Impressed with a conviction that this constitution is calculated to restrain the influence and power of the LOWER CLASS--to draw that discrimination we have so long sought after; to secure to our friends privileges and offices, which were not to be . . . [obtained] under the former government, because they were in common; to take the burden of legislation and attendance on public business off the commonalty, who will be much better able thereby to prosecute with effect their private business; to destroy that political thirteen headed monster, the state sovereignties; to check the licentiousness of the people by making it dangerous to speak or publish daring or tumultuary sentiments; to enforce obedience to laws by a strong executive, aided by military pensioners; and finally to promote the public and private interests of the better kind of people--we submit it to your judgment to take such measures for its adoption as you in your wisdom may think fit.
Signed by unanimous order of the lords spiritual and temporal.
ON THE PRESERVATION OF PARTIES, PUBLIC LIBERTY DEPENDS
College students of the past few generations are apt to read and to know Federalist No. 10, and yet be unfamiliar with most of the other Federalist essays. It is the fashion; it is particularly applicable to modern problems; and it is a minor masterpiece. Why did it not excite the attention and admiration of most contemporaries? Because, basically, Madison's statement was accepted as common knowledge. In fact, Antifederalists would be the first to agree that factions existed, that economic factions were most divisive, and that the purpose of democratic government was to balance factions and yet maintain liberty. But they disagreed that the Constitution provided any solution; rather, Antifederalists believed that it might well aggravate the problem of factions.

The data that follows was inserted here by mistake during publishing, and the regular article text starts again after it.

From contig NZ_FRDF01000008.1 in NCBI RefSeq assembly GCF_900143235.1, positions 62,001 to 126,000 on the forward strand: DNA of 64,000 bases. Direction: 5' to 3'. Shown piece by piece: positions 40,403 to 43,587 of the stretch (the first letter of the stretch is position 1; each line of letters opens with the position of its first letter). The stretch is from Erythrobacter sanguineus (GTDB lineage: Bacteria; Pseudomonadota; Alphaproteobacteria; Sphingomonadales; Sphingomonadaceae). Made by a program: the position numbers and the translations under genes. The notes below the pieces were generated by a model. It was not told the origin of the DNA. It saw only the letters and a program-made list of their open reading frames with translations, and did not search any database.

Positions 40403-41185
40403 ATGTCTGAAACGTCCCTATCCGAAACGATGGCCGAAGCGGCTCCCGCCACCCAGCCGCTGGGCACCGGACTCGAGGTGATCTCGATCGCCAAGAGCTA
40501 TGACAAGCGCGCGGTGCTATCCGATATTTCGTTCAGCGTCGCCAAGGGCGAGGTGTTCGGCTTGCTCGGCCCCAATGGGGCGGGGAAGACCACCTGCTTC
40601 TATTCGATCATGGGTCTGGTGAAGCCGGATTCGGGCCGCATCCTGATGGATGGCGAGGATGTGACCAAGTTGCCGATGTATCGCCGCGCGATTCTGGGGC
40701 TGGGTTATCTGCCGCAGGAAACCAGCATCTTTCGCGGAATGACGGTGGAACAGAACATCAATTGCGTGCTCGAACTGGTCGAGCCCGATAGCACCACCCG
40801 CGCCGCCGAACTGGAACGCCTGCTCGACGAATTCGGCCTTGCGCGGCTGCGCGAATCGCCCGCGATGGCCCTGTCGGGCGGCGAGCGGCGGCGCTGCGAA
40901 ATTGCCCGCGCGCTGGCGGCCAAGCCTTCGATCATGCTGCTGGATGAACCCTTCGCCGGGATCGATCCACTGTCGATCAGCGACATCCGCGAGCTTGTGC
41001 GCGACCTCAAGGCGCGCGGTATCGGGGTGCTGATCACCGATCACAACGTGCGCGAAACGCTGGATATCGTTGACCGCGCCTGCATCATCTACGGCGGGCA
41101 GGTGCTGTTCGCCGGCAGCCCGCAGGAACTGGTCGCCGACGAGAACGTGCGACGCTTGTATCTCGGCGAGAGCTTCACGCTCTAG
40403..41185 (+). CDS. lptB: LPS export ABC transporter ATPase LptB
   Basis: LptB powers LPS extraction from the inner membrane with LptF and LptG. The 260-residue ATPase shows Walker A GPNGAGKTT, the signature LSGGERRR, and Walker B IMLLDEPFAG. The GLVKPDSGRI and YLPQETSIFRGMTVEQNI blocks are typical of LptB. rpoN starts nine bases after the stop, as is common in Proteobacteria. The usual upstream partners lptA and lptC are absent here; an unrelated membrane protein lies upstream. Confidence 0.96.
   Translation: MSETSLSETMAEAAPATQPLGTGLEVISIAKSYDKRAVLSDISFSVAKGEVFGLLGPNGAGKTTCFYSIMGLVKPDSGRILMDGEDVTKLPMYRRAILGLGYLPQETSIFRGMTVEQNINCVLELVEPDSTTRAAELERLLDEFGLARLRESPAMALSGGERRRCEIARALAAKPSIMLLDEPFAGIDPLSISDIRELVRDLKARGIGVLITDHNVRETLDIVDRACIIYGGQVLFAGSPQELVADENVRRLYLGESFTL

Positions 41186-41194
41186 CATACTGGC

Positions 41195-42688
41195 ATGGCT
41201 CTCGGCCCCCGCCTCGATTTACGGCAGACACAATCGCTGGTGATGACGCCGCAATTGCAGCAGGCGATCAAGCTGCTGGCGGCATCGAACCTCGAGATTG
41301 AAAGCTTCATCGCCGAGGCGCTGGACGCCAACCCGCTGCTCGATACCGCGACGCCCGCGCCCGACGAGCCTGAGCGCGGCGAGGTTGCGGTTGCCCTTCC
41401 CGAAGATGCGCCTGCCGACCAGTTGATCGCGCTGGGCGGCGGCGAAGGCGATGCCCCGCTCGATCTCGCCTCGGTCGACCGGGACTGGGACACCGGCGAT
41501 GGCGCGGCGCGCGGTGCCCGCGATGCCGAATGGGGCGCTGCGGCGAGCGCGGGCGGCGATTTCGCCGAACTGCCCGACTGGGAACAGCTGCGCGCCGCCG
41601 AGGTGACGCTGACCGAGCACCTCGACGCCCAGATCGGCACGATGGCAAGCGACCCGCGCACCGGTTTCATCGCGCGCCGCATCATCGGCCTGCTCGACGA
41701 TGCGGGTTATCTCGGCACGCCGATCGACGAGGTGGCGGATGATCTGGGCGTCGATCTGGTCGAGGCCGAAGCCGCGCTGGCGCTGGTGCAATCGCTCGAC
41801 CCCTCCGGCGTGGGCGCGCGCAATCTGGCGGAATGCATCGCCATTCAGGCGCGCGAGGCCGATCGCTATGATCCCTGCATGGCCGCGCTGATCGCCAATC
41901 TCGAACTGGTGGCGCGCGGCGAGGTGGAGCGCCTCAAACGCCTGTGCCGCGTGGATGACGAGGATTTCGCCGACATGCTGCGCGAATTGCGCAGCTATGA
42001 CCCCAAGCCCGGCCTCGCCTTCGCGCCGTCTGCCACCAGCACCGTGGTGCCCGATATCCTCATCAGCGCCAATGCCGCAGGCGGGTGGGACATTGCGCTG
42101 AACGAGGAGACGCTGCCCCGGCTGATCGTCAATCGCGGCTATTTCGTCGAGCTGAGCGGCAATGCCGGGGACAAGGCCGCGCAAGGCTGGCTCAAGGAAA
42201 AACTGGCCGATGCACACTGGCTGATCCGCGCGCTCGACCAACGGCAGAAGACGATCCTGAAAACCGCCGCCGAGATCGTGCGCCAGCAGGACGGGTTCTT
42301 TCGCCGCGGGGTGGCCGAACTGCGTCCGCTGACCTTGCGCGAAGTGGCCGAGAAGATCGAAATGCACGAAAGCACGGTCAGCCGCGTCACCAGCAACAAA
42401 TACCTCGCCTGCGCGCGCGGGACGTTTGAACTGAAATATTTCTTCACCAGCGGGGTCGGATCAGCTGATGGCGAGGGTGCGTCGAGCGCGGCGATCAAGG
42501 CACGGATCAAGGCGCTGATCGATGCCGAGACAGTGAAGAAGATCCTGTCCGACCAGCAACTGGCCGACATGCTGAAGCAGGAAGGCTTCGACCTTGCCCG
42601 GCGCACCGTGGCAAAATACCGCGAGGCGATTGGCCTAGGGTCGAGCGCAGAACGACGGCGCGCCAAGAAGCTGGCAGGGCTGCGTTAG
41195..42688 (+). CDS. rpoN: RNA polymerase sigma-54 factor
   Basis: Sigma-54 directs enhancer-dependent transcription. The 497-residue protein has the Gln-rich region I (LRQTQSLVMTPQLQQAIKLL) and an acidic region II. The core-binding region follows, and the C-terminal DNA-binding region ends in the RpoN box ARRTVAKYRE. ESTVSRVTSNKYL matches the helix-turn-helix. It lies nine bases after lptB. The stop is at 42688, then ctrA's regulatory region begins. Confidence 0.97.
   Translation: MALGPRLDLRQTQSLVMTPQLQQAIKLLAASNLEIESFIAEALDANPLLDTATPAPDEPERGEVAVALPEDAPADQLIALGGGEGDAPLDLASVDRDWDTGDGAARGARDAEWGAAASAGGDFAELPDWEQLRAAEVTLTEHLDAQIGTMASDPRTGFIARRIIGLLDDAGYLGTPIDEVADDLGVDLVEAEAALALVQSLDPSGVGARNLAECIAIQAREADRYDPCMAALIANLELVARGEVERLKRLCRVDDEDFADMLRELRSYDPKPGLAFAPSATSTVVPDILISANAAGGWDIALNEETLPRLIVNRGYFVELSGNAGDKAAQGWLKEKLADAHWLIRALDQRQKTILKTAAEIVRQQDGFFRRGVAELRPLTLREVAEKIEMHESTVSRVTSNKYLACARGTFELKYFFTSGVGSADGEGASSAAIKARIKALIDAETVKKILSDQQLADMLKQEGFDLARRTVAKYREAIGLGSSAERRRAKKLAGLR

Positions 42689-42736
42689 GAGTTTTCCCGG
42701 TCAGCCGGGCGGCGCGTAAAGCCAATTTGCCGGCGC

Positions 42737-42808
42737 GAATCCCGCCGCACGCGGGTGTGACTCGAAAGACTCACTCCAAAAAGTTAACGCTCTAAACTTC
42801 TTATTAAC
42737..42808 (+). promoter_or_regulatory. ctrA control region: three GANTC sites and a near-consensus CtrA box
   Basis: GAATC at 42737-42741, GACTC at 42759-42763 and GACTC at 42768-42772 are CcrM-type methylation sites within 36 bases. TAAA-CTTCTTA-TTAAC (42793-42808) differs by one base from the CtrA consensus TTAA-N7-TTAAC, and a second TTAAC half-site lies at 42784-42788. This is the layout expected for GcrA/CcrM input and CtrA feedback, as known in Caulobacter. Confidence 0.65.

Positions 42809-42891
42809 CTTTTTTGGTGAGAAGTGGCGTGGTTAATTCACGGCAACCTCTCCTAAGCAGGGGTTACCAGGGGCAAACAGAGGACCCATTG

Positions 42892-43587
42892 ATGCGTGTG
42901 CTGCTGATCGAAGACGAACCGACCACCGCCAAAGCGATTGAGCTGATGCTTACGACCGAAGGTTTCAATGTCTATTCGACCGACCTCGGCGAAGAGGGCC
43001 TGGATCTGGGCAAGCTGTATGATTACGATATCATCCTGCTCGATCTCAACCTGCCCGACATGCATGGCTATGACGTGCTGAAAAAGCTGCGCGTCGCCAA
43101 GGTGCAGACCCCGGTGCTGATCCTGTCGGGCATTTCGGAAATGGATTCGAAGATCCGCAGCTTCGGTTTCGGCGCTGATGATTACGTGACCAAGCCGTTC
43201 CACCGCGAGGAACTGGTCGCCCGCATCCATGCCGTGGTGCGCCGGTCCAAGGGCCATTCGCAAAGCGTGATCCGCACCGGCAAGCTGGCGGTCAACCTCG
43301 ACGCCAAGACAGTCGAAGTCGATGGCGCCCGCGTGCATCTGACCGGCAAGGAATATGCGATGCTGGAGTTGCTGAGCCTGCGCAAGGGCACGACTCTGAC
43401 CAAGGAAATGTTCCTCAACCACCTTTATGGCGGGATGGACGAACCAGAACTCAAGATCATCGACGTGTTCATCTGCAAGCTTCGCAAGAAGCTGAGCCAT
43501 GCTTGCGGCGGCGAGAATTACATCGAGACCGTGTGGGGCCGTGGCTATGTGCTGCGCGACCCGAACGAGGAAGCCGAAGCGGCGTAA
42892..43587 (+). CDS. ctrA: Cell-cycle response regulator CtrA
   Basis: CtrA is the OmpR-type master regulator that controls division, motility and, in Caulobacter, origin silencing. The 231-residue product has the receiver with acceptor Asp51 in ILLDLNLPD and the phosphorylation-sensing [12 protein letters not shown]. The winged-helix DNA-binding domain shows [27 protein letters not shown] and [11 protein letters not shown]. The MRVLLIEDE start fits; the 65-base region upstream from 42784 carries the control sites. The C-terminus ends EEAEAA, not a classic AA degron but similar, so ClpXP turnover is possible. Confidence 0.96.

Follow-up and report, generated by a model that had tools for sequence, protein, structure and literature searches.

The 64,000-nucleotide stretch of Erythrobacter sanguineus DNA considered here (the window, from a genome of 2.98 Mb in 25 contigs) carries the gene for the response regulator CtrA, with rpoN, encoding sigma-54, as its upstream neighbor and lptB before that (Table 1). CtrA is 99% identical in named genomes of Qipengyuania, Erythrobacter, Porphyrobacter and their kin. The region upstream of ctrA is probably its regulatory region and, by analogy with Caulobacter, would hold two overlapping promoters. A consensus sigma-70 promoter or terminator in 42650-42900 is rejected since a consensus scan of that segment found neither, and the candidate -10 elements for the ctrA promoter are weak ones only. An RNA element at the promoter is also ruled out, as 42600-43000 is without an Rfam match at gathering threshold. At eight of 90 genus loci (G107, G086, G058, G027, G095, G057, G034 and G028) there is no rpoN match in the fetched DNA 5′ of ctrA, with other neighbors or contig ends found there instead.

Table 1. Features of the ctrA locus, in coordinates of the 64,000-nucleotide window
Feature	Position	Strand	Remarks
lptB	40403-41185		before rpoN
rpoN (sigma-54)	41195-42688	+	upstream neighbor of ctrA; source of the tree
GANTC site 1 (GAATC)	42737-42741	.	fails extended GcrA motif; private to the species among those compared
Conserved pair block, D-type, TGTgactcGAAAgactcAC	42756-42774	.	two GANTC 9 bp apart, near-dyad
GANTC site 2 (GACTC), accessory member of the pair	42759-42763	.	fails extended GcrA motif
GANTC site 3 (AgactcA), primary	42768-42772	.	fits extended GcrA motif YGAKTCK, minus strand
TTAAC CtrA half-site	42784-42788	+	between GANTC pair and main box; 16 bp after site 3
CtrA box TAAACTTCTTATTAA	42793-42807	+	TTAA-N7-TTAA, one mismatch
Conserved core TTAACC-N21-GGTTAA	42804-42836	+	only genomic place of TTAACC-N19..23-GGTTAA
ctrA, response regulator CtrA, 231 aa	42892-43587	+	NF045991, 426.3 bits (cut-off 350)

The following Antifederalist essay, to be sure, is poorly written and in part confused--but the main theme is similar to Federalist No. 10. Written by "A FARMER," (see Antifederalist No. 3), the essay appeared in the Maryland Gazette and Baltimore Advertiser, March 18, 1788.
The opposite qualities of the first confederation were rather caused by than the cause of two parties, which from its first existence began and have continued their operations, I believe, unknown to their country and almost unknown to themselves--as really but few men have the capacity or resolution to develop the secret causes which influence their daily conduct. The old Congress was a national government and an union of States, both brought into one political body, as these opposite powers--I do not mean parties-- were so exactly blended and very nearly balanced, like every artificial, operative machine where action is equal to reaction. It stood perfectly still. It would not move at all. Those who were merely confederal in their views,